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Discussion in '2008 Archive' started by JFox1, Mar 10, 2008.
He wears a cape and a mask!
That is really funny. I think the guy needs help though.
He's not the only one. There are a number of superheroes at work in the United States and other countries:
um, do these guys know they aren't really super heros?
Trying to figure this out - stopping crime is "making your own laws"?
Sounds more like there is a liberal Chief, and he's jealous that "Batman" is stopping crimes. (After all, it's society's fault that the criminal commits crimes, is it not?)
Only you could use this to bash a liberal. You need to get a life! :laugh:
'Preciate the compliment, but so many liberal actions just beg to be bashed, so I can't take credit for it.
But thanks anyway!:laugh:
so, superhero saves a couple from being mugged, smashes the mugger's head onto a tree trunk, beats up another bad guy, and he's the villain breaking the law ?
oh, i get it, because he's a civilian and not supposed to be fighting crime because that is the job of the police.
let me see.
some coward locks up a college building and proceeds to shoot people like ducks in a gallery, and the police are outside in their left-barricade/right-barricade positions behind trees, about 20 meters from the building, waiting for the swat, who come in, gather for one final briefing, then proceed to go singlefile to the building, and wait for the command to go in and storm the building.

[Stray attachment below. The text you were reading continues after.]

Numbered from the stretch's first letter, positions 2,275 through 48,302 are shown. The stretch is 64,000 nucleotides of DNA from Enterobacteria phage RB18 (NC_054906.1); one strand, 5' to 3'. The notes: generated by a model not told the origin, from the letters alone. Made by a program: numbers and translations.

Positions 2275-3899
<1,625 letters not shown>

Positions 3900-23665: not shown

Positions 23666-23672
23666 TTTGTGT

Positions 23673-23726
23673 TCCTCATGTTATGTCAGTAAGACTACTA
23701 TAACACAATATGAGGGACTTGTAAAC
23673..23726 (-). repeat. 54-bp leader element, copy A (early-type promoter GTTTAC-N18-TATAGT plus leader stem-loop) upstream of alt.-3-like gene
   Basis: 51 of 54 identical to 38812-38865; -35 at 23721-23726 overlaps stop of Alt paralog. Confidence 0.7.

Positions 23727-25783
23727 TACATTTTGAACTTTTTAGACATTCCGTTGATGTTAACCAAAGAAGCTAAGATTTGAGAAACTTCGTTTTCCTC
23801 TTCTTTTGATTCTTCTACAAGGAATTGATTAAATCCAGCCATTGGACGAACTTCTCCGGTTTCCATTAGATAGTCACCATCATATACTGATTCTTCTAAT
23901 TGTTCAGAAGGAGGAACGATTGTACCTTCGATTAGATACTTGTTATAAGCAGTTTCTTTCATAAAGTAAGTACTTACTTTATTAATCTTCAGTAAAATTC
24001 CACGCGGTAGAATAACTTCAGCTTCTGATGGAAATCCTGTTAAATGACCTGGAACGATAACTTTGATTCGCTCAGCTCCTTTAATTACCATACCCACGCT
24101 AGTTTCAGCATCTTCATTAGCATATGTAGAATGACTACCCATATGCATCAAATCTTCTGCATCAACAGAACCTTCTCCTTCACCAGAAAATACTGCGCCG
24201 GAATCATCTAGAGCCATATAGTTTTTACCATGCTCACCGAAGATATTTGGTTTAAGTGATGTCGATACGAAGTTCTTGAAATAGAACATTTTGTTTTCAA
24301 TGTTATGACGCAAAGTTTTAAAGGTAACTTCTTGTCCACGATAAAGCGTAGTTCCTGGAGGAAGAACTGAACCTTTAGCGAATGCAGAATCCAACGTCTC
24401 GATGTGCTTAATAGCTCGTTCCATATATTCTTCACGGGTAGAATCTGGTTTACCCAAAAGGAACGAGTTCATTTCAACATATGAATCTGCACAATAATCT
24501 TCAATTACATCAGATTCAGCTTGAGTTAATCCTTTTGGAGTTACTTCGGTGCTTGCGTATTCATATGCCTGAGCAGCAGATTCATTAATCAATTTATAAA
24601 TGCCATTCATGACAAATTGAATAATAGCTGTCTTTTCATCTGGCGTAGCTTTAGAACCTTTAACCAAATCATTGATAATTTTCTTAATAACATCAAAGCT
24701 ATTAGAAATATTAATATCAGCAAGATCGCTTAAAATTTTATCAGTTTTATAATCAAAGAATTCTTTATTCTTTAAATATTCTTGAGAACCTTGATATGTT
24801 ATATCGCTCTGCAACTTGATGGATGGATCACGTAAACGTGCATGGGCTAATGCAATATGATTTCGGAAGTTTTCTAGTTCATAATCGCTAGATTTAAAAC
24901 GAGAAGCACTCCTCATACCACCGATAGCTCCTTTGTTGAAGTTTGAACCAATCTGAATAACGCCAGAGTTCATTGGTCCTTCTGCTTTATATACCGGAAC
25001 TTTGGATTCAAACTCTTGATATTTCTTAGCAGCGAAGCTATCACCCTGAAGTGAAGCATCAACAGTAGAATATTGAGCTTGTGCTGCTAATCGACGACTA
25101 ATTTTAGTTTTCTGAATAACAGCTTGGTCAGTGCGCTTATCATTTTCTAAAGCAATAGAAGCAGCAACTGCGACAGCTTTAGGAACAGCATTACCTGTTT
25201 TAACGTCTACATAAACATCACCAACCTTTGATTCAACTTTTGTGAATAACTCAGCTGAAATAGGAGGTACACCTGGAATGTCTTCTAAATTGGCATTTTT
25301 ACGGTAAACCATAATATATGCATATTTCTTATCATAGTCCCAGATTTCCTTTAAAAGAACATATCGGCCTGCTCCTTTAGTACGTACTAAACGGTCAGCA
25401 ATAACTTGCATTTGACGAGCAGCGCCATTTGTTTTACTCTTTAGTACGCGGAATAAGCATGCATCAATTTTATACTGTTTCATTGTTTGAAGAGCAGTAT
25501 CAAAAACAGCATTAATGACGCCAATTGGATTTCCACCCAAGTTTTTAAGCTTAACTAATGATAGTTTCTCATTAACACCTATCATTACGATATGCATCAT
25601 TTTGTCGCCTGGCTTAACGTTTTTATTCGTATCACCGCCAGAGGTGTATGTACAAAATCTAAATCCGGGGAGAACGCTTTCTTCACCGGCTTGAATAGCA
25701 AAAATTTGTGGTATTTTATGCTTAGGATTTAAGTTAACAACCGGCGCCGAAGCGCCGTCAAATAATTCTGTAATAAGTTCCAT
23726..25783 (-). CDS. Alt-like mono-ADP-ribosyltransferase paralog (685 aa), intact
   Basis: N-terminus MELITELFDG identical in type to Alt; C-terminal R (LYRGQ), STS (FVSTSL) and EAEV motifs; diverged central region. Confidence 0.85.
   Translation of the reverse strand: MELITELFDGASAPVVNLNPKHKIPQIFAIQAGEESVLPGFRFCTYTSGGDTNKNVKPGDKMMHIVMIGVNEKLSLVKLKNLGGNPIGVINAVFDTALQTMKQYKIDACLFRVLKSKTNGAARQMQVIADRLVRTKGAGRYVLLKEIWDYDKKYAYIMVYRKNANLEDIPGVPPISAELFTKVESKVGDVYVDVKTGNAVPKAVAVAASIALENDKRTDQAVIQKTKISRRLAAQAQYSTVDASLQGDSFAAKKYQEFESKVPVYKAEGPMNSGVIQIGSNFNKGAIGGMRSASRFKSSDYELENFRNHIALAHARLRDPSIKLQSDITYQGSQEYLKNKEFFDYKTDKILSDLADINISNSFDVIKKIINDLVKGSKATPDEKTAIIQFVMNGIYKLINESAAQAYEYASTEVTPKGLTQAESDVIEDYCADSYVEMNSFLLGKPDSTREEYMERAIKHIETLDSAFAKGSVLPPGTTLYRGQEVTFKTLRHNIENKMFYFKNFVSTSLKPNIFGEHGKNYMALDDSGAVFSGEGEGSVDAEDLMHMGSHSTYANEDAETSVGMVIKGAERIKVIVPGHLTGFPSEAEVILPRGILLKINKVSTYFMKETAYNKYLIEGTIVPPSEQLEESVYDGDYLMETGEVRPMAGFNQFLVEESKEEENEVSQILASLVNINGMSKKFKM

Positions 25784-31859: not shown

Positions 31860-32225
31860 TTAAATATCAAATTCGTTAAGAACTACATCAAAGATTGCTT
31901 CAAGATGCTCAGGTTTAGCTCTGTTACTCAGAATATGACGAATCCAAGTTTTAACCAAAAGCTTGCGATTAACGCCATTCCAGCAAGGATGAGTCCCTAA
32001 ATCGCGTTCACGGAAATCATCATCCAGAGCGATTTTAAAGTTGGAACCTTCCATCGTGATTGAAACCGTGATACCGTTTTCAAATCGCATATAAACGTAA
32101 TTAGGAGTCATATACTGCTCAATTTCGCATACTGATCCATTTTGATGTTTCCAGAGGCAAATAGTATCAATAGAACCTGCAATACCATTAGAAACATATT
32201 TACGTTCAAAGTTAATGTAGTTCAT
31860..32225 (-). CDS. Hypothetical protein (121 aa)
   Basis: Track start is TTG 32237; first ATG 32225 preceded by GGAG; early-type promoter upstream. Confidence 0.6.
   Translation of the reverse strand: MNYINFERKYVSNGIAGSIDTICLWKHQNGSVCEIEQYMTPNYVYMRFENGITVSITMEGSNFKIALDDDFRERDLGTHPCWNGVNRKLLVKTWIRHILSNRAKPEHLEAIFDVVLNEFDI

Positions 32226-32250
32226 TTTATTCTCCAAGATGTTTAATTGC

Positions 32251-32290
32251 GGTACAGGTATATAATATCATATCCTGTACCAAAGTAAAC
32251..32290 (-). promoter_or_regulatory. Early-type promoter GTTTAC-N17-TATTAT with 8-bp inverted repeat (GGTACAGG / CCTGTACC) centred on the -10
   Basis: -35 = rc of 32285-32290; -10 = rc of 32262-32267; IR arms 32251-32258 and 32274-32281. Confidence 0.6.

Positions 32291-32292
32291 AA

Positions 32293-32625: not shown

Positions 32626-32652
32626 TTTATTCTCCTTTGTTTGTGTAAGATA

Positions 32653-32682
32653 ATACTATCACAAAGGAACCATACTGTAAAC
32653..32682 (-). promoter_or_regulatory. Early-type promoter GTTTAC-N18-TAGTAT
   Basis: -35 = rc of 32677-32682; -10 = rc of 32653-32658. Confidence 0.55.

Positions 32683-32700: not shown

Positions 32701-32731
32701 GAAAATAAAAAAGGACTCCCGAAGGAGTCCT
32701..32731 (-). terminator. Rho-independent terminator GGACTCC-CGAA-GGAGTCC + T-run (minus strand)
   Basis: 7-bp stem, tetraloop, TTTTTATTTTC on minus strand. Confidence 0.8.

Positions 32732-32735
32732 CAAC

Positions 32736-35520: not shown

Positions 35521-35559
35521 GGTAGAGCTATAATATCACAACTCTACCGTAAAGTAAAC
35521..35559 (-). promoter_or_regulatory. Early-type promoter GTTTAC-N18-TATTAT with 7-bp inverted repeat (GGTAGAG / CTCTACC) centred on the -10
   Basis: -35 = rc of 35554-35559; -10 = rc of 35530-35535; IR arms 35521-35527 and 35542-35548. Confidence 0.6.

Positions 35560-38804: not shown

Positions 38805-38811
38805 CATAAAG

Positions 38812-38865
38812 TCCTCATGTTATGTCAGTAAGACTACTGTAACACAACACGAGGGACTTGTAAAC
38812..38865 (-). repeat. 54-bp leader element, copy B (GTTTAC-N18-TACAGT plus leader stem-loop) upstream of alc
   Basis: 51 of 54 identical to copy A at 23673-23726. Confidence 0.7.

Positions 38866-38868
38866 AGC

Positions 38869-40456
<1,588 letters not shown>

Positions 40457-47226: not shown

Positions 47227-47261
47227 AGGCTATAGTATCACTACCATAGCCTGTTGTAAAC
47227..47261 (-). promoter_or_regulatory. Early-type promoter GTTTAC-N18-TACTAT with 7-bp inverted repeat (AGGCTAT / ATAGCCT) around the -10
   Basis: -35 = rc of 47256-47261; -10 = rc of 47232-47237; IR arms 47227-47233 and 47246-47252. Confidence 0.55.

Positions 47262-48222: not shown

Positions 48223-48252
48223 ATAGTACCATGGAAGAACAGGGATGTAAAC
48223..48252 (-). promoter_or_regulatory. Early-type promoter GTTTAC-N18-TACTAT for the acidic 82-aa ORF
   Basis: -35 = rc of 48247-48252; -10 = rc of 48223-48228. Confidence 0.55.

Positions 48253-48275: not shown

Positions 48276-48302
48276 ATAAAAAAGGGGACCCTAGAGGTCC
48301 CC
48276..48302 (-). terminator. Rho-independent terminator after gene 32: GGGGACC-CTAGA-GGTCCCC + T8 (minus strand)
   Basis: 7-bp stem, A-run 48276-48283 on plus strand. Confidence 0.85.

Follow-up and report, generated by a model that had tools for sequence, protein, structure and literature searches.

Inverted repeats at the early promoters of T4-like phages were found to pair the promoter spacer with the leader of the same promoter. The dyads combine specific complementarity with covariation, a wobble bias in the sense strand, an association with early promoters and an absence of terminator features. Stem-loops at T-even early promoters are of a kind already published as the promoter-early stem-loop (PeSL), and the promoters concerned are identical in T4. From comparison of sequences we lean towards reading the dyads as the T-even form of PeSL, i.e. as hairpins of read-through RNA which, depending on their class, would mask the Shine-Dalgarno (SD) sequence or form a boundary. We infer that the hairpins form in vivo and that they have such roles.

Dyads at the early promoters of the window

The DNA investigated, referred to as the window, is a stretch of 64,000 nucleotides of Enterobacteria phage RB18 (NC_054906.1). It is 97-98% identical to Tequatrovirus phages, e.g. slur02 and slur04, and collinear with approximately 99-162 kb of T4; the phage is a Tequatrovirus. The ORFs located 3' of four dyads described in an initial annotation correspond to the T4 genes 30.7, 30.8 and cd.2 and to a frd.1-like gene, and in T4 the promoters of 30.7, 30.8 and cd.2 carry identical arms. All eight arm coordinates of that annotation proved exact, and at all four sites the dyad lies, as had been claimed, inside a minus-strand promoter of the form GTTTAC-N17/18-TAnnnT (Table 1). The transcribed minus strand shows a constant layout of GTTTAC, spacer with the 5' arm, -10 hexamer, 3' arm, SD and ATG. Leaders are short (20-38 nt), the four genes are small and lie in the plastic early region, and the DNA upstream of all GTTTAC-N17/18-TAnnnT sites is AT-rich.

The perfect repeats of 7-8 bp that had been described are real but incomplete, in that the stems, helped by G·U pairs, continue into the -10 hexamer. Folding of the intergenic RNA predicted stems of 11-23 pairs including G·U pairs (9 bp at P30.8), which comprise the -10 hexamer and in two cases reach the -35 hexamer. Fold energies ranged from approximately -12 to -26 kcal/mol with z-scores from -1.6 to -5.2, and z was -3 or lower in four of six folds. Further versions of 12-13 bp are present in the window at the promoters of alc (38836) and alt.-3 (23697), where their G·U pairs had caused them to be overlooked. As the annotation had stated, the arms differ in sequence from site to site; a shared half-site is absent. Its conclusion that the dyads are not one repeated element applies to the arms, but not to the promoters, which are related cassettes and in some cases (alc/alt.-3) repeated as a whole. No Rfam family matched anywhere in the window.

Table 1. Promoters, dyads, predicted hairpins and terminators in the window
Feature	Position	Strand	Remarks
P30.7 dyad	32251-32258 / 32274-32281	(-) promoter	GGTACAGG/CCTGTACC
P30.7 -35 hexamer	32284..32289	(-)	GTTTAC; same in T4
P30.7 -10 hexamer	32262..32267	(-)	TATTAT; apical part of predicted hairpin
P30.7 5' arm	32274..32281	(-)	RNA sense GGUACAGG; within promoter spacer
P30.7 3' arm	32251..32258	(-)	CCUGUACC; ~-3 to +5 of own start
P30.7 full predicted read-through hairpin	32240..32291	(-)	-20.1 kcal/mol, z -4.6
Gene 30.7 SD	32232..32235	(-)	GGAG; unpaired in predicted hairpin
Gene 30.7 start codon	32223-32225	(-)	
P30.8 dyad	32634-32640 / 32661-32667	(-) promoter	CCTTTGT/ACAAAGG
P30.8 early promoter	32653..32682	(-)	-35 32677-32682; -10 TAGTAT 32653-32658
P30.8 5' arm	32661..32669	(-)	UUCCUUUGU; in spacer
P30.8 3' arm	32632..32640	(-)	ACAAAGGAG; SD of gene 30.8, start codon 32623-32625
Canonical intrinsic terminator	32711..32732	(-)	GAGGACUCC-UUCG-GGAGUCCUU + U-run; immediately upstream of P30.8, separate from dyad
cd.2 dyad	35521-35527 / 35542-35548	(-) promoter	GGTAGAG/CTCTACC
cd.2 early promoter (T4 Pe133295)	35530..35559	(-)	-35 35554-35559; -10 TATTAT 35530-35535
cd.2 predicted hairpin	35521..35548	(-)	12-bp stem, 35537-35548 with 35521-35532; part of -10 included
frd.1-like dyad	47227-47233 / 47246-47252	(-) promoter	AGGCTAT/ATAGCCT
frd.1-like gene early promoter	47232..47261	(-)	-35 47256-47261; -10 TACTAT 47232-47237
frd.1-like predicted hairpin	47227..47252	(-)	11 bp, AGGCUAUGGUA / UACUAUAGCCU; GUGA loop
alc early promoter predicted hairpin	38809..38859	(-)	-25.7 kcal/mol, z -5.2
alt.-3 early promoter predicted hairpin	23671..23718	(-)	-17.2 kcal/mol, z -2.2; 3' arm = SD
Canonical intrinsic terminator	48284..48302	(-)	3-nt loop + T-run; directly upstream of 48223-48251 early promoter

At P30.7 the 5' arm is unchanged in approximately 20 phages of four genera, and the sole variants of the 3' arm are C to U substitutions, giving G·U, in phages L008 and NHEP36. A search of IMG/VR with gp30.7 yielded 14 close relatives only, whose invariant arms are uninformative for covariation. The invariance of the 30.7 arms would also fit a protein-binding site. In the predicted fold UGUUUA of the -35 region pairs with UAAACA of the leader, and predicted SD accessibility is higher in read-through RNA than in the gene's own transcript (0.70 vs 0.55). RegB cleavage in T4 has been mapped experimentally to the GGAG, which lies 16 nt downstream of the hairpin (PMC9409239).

time elapsed: (go figure).
meantime, mr. coward is shooting down his victims, and by the time they get there, he's dead as well.
I'd take Batman here anytime, not subject to "procedures" and tactics and police protocol.
Or maybe Cobra.
That was funny. Bam boom bing
Is Bernard Goetz out of prison? Nah, I don't think he was the body builder type.
As a Dragnet fan, I know there was a show about a case much like this. Several movie theaters had reported thefts of promotional posters for movies based on comic book superheros. One theater employee finally saw the robber, and described him as wearing a green suit with a red cape and mask. He did not prove that difficult to catch, once the word got around about his M.O., but the interesting part, of course, was who he was, why was he stealing superhero posters and why he was dressed like that. He claimed he was the "Crimson Crusader" and he could not reveal his 'true identity' or his effectiveness as a crimefighter would be lost. But under further questioning he finally relented and told his real story. His name was Stanley Stover, and he had been the victim of bullying and friendlessness as a child. He began to become obsessed with comic book superheros, who could fly, or beat up a dozen criminals at once, or, his favorite, 'Captain Lightning,' who wore a silver suit and goggles, could turn himself invisible at will. He began to think that he personally knew them and was one of them. The questioning had taken place in his room at home, and then his mother, who never understood him, walked into the house, and Stanley was beginning to cry because she would now find out he stole those big posters in his room. Sgt. Friday and Ofc. Gannon also look as if they are about to cry, after getting the truth. Stanley walks over to the wall with his big poster of Captain Lightning, and cries with his head against the wall. As he walks away, his tears are on the wall are now streaming below Captain Lightning's eyes, making C.L. look as if he was now crying.
This "Batman" surely knows he will be caught sooner or later. I wonder if there is a similar story to be found out; except he apparently really does have the strength and dexterity to fight criminals-- if they're unarmed and in no more than small groups.
I wonder if he's going to go after the governor, now!